WORKING out how to power a car with the energy stored in a wound-up mousetrap spring was a challenge which confronted a group of Cornerstone Christian College students.
Creating a mousetrap car was the focus of Andrew Cleaver’s Year 9 science class.
Andrew said there were a number of scientific and physics-based concepts that contributed to making a successful car, which students had been learning about in class.
“They had to consider how best to harness the stored energy (in the mousetrap spring) and the most efficient means of using it to drive their cars,” he said.
Some students looked at designs available on the internet, others researched in libraries, and in some cases trial and error was used to determine which designs worked best.
“The idea of the project was to learn about simple machines by applying knowledge about the topic.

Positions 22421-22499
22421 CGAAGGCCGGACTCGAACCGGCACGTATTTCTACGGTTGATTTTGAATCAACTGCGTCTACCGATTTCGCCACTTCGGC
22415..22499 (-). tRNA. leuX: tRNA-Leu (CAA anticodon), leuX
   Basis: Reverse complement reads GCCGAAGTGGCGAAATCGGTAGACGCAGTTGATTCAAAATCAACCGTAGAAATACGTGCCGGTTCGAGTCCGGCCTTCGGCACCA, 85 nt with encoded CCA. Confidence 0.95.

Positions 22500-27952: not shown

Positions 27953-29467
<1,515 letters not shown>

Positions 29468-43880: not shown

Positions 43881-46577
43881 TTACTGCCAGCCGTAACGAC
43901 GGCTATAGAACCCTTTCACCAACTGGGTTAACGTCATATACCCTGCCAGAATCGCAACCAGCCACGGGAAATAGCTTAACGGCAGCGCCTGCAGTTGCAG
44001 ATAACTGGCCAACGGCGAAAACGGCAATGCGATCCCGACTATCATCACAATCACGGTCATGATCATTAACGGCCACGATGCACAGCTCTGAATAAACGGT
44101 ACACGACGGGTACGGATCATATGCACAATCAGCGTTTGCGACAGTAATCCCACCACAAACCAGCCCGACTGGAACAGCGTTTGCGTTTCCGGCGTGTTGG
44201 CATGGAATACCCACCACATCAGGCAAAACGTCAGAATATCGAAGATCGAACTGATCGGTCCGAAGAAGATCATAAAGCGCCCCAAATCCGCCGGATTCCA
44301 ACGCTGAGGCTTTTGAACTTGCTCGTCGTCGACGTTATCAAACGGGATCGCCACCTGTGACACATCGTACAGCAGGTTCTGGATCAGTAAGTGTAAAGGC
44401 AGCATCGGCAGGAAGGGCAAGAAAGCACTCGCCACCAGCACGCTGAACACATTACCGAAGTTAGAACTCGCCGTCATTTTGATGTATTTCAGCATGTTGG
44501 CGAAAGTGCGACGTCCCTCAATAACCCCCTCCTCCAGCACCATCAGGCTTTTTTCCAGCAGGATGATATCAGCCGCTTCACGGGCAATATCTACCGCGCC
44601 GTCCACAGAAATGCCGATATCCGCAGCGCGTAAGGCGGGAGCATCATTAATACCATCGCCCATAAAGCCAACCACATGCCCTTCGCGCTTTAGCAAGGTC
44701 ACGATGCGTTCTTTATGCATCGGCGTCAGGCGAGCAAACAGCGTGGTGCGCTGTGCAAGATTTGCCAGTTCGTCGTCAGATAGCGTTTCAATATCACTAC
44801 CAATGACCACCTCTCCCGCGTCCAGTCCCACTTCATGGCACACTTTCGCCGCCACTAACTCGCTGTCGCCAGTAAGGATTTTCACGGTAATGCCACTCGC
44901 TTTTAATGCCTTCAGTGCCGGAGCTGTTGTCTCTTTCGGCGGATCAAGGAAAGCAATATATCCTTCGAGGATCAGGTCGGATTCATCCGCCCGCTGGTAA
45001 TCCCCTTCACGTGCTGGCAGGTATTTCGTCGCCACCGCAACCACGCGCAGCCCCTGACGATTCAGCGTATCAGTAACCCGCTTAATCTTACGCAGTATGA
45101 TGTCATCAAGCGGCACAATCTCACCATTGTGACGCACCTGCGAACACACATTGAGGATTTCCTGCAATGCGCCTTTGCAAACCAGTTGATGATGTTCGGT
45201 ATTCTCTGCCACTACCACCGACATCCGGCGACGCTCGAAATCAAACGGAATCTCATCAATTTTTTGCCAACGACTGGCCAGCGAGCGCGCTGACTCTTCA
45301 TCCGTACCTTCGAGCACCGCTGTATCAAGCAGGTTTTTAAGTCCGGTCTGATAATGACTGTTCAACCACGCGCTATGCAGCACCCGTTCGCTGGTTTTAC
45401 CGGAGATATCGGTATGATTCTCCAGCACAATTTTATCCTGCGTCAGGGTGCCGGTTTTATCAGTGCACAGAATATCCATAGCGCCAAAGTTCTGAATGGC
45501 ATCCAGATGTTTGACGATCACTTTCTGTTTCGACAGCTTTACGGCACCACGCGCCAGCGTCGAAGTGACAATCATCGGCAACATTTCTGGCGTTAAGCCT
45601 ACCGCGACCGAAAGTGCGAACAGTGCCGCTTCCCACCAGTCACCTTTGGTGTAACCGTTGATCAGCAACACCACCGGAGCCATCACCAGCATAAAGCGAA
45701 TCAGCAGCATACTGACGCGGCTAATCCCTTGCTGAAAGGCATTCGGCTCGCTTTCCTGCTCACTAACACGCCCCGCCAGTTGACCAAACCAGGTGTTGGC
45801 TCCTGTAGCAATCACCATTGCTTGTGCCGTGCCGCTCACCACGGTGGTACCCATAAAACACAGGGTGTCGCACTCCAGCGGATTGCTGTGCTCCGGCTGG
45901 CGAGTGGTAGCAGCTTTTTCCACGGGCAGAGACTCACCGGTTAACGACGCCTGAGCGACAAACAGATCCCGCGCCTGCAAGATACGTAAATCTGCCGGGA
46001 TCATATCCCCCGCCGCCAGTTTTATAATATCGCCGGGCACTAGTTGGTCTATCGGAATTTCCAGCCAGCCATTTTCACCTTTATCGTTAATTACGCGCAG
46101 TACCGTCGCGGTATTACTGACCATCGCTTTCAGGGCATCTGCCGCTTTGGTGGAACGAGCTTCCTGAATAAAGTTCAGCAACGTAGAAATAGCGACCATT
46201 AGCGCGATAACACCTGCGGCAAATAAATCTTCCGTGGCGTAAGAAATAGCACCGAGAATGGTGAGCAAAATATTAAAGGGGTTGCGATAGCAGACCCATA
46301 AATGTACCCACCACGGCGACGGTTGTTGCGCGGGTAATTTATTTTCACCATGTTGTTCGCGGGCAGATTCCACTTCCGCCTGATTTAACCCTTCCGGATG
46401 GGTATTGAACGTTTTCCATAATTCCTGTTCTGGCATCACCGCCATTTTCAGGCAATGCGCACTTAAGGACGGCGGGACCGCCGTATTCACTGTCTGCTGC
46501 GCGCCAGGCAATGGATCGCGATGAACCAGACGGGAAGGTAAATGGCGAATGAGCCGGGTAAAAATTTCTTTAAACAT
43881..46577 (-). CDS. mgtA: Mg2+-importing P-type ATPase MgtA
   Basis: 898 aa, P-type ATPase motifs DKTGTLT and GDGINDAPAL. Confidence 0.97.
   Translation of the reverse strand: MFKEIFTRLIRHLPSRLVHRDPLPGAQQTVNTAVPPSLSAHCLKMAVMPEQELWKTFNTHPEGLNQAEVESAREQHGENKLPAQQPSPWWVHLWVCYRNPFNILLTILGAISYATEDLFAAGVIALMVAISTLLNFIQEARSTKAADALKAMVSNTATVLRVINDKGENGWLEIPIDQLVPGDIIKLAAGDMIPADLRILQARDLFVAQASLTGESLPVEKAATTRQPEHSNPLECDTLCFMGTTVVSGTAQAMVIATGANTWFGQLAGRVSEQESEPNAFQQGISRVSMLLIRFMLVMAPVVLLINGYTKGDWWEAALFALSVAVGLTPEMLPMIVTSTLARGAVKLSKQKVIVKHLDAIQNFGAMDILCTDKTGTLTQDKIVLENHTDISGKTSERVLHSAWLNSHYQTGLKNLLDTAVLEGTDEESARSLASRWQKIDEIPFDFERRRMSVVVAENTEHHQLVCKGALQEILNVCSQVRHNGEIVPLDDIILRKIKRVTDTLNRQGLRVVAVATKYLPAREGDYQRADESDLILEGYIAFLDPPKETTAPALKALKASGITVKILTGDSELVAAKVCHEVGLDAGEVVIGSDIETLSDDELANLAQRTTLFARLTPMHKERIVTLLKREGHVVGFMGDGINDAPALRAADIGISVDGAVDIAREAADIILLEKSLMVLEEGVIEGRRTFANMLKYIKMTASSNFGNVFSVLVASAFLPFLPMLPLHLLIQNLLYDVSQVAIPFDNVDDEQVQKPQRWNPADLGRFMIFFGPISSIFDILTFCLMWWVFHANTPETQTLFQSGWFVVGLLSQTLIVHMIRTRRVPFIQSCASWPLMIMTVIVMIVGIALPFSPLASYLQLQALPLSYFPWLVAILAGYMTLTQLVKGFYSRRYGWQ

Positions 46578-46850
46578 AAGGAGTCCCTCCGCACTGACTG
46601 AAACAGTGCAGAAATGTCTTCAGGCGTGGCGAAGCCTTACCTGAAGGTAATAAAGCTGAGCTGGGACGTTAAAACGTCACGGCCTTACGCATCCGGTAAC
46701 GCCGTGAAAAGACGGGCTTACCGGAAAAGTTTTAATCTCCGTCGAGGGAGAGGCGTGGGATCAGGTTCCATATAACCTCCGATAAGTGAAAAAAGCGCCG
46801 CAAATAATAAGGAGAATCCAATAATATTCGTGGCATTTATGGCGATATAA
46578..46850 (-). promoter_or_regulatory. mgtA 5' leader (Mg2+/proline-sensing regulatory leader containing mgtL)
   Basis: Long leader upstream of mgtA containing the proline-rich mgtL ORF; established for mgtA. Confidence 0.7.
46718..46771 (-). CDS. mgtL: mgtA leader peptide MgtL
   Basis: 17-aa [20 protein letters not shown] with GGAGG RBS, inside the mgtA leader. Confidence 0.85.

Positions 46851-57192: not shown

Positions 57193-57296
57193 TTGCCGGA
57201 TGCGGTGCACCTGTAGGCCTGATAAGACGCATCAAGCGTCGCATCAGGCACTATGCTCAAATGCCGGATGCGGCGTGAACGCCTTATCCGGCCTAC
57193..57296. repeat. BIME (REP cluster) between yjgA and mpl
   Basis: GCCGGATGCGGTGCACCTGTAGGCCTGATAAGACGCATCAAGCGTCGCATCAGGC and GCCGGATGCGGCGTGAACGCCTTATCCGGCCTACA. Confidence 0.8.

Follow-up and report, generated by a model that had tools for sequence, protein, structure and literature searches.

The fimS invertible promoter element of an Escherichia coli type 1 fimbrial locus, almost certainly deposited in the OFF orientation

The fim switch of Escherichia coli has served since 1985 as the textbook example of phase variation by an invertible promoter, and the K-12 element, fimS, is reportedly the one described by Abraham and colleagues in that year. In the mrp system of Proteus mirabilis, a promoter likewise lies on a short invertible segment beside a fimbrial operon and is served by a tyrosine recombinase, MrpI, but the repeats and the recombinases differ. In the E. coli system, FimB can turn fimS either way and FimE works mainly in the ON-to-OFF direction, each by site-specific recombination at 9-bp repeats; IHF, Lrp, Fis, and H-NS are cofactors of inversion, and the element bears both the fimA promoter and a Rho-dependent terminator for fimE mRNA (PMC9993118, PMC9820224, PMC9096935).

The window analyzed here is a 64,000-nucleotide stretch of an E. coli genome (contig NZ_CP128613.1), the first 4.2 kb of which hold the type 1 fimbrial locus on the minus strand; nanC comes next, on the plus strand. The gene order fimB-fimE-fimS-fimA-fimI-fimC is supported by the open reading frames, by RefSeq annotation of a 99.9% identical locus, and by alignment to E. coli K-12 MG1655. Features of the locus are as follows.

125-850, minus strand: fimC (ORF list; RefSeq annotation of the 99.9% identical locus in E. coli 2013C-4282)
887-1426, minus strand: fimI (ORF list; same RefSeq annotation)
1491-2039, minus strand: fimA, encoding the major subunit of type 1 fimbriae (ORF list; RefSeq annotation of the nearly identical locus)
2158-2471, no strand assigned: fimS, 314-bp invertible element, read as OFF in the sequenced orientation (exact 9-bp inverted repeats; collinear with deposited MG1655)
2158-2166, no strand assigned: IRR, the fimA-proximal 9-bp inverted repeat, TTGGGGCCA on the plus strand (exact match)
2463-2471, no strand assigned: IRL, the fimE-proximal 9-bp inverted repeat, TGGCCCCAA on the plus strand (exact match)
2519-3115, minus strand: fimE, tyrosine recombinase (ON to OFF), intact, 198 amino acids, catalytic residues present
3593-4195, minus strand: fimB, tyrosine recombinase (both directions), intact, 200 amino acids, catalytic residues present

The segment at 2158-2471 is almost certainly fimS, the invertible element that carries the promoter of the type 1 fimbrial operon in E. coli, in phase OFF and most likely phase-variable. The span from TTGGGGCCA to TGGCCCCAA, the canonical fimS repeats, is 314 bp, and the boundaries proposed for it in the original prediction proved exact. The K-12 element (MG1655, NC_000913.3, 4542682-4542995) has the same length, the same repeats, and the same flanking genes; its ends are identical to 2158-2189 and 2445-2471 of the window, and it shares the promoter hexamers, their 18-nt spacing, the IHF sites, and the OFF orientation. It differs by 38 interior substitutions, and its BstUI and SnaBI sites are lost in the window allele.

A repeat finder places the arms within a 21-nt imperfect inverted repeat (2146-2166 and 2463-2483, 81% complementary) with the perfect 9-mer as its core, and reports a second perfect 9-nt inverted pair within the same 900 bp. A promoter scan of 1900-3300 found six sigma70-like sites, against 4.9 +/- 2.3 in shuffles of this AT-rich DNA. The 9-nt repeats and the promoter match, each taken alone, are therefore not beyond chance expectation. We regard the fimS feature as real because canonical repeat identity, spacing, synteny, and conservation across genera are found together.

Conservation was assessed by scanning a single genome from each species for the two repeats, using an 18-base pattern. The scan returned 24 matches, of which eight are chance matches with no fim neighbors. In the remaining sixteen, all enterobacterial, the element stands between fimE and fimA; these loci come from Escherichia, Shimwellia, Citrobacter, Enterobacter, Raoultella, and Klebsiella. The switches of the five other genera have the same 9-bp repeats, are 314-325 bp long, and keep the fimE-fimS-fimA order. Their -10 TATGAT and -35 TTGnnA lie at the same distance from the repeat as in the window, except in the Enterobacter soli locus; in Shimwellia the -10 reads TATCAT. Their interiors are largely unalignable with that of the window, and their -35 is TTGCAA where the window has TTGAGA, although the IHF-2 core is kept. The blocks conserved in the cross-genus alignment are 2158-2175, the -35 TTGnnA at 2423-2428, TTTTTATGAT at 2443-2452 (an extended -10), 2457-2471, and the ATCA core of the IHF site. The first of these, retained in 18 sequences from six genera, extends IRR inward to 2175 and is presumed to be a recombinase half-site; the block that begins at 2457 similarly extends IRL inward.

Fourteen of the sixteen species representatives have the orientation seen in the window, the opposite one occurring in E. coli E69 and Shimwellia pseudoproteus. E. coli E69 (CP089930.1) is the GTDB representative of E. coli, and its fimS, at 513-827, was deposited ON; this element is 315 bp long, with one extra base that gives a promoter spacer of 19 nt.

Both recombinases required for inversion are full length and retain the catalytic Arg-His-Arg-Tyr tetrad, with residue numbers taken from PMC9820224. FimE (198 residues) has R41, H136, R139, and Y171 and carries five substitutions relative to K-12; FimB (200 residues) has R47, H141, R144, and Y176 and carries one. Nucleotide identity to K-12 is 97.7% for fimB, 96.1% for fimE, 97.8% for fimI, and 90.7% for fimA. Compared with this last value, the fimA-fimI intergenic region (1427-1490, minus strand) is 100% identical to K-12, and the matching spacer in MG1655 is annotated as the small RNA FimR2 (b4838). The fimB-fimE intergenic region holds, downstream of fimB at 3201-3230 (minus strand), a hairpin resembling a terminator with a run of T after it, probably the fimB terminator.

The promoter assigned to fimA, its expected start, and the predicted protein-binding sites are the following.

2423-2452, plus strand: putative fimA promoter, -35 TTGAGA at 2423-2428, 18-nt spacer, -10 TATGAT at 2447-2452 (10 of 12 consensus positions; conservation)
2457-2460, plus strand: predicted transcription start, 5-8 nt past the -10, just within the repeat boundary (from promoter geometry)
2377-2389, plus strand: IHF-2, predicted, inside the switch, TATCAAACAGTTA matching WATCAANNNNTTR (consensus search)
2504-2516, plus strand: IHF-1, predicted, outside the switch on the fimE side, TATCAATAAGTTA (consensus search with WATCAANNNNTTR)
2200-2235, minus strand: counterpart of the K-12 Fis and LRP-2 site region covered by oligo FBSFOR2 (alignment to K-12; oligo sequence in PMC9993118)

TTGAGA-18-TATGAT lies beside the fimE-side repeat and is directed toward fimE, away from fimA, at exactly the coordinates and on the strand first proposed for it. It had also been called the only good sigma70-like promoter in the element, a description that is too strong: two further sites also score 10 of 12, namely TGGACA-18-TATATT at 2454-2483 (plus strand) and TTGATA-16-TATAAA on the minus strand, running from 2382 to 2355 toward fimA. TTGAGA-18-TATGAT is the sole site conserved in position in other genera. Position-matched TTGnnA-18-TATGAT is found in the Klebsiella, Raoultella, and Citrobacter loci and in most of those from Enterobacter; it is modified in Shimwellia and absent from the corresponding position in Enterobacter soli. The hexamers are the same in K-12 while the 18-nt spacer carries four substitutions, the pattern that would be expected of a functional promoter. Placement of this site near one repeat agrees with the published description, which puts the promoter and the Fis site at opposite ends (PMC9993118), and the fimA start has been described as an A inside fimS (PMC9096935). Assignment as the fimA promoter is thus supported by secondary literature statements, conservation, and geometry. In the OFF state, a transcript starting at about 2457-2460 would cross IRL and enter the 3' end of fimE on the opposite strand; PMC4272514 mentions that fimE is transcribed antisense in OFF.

“The students enjoyed constructing the cars in the design and technology room, and challenging themselves to achieve the greatest distances.”
Assisted by the Year 11 physics students, the Year 9 class took turns measuring the distance their car travelled, as well as the speed in which they moved.
Andrew said the designs were varied, with some truly creative and inventive cars on display.
The winners were Jozef and Harry, whose car travelled 19.3m.
A close second were Jack and Joel, with an equally as impressive 18m and, third were Rhys and Tim with 13.25m.